By Steven J.J. Weisman
BOSTON — It is being reported by Jerry Del Colliano that radio giant Entercom has suffered its second major cyberattack in the last three months. The attack which occurred over the weekend appears to be another ransomware attack. In a September ransomware attack, it was reported that the hackers demanded a ransom of $500,000 to return control of affected systems which included email, phones, production, billing, and other crucial systems. These ransomware attacks are not isolated incidents. In the last year, other major radio companies including Townsquare Media and Radio One were hit with similar ransomware attacks, as were numerous smaller radio stations. You are never too big or too small to be a victim of a ransomware attack.
Ransomware is the name for malware that once installed on a computer, most often unwittingly through clicking on links in spear phishing emails, encrypts all of the targeted victim’s data and spreads throughout the computer network. The cybercriminal sending the ransomware then threatens to destroy the data unless a bounty is paid, generally in the form of Bitcoin or some other cryptocurrency.
Spear phishing emails are phishing emails that have been specifically tailored through a process called social engineering to appear legitimate in an attempt to lure the intended victim into clicking on a link in the email and downloading the dangerous malware.
Ransomware is also spread by what is referred to as drive-by downloading which occurs when someone unknowingly visits an infected website which automatically downloads the malware without the victim being aware of the incursion. Often ransomware and other forms of malware, such as keystroke logging malware that can lead to all of your sensitive data being stolen, are unwittingly downloaded by employees surfing the Internet for pornography or video games. In fact, 40% of all free pornography is viewed at work on company computers. Cybercriminals are aware of this and exploit this fact.
In 2017 two major ransomware attacks occurred that affected millions of computers around the world. These were the infamous WannaCry and Peta ransomware attacks. Later, the city government of Atlanta became a victim of a major ransomware attack. Since that time, numerous cities, hospitals, businesses, and companies have been hit with ransomware attacks. In its 2019 Verizon Data Breach Report that gathered data from 65 countries, Verizon found that ransomware — only the 22nd most common malware deployed in 2014 — is now the second most common malware used in attacks by cybercriminals.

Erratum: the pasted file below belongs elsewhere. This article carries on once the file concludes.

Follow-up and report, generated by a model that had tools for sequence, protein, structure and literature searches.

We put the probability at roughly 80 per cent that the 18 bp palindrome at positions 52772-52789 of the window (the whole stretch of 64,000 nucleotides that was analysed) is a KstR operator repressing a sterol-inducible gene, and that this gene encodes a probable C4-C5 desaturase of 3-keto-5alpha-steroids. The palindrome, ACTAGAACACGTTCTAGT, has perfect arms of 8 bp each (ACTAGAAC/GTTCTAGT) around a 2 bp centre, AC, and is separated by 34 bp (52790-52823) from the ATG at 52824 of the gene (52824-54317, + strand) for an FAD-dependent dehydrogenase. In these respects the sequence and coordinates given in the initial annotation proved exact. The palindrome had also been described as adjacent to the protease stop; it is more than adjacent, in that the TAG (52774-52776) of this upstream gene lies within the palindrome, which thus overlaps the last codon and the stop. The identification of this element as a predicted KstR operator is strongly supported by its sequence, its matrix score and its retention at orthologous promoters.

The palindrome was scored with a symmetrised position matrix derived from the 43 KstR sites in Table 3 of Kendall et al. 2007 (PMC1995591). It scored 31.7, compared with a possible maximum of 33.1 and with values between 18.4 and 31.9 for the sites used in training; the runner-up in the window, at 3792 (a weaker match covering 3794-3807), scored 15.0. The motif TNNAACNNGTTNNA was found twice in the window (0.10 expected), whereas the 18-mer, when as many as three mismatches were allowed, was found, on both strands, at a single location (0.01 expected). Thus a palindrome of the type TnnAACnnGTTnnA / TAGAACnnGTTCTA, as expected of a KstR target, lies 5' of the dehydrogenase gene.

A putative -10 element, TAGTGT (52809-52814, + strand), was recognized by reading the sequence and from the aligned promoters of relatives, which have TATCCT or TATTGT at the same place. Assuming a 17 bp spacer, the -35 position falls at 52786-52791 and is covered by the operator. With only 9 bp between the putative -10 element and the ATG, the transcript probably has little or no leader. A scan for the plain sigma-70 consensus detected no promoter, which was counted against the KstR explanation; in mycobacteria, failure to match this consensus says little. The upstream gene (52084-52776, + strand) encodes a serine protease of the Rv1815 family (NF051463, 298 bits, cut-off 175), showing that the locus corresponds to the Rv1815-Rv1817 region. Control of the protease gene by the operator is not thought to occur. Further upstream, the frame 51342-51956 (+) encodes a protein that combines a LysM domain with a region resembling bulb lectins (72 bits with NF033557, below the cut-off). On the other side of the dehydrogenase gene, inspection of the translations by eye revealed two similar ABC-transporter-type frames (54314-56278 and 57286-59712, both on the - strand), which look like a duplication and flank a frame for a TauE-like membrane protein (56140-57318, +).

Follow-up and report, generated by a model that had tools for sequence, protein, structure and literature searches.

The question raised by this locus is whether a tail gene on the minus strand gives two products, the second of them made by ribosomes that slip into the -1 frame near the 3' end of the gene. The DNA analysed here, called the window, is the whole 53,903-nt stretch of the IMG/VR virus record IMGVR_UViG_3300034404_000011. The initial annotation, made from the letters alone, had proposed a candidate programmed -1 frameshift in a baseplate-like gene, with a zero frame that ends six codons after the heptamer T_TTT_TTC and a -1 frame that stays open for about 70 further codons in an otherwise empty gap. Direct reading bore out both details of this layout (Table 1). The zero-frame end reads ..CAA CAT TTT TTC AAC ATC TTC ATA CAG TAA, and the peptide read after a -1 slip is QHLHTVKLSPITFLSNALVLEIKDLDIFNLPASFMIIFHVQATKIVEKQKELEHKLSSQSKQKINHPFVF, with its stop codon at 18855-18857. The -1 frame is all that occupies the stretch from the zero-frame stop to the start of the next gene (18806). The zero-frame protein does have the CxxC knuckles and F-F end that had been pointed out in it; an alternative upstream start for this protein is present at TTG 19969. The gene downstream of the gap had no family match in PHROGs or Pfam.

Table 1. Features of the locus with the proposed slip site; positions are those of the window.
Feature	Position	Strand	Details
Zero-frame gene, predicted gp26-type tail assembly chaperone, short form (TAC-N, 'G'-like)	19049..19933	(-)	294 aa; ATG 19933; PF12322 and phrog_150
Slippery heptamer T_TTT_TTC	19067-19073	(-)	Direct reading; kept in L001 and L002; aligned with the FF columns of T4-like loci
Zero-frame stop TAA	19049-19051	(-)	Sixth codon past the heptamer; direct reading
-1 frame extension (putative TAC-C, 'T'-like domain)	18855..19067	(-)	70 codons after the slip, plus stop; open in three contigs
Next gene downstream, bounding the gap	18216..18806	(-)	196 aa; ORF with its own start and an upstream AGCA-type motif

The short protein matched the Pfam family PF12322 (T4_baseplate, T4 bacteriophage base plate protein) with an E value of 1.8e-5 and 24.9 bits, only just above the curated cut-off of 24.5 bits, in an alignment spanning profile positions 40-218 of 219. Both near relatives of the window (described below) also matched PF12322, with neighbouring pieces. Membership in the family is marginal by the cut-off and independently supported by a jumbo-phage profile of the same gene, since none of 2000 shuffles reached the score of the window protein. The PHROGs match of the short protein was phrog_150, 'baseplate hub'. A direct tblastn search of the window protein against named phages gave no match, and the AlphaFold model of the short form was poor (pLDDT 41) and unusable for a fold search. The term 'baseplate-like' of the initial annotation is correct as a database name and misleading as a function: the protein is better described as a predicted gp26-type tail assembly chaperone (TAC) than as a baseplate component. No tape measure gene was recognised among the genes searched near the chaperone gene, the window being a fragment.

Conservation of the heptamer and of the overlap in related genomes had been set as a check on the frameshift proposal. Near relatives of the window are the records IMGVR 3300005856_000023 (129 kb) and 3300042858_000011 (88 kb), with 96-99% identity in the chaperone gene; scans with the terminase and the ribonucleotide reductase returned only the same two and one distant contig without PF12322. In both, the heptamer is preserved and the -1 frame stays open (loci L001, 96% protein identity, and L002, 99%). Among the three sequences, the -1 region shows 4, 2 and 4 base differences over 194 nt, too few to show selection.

A major reason for the increase in ransomware attacks is due to the new business model used by sophisticated cybercriminals who develop the intricate ransomware programs. Instead of merely deploying the malware themselves, they are now selling or leasing the use of their malware, along with tech support, on the Dark Web to less sophisticated cybercriminals. The Dark Web is a special part of the Internet where criminals buy and sell goods and services. It is expected that ransomware attacks will continue to increase throughout 2020.
So how do you protect yourself from these inevitable attacks?
First, you recognize that regardless of how good your computer security software is, it will always be at least 30 days behind the latest zero-day defect ransomware malware for which there have not yet been developed defenses.
A good defense of your data is to have a data backup and recovery plan for all critical information that includes backing up all of your data in two different formats, with one off site. You also may wish to consider using application whitelisting that will prevent malicious software and any unapproved program from being downloaded. Application whitelisting only allows previously approved programs to run or be downloaded, thereby blocking malware.
Even though your security software will not protect you from the latest zero-day defect ransomware, many ransomware attacks have occurred using older versions of ransomware for which defenses have already been developed. Use a strong security software system and do not delay in installing all security updates as they are issued.
People are most often the weakest link when it comes to security. Every company should make a real commitment to security awareness. All companies should be continually training their employees in proper security practices and limiting access by employees to sensitive data to only those employees who need to have such access. Ransomware and other malware attacks constitute a major threat to your business on many levels including the theft of personal information of your employees that can be used for a variety of criminal purposes. Ongoing cybersecurity efforts must be a high priority for us all. In the future I will write about more ways you can protect your cybersecurity.
Steven J.J. Weisman is a practicing attorney, legal editor for TALKERS magazine, a professor of Media Law at Bentley University in Waltham, Massachusetts and publisher of the website www.scamicide.com. He can be e-mailed at: firstname.lastname@example.org. Steven J.J. Weisman is available as a guest to discuss legal matters and the subjects of identity theft and scams.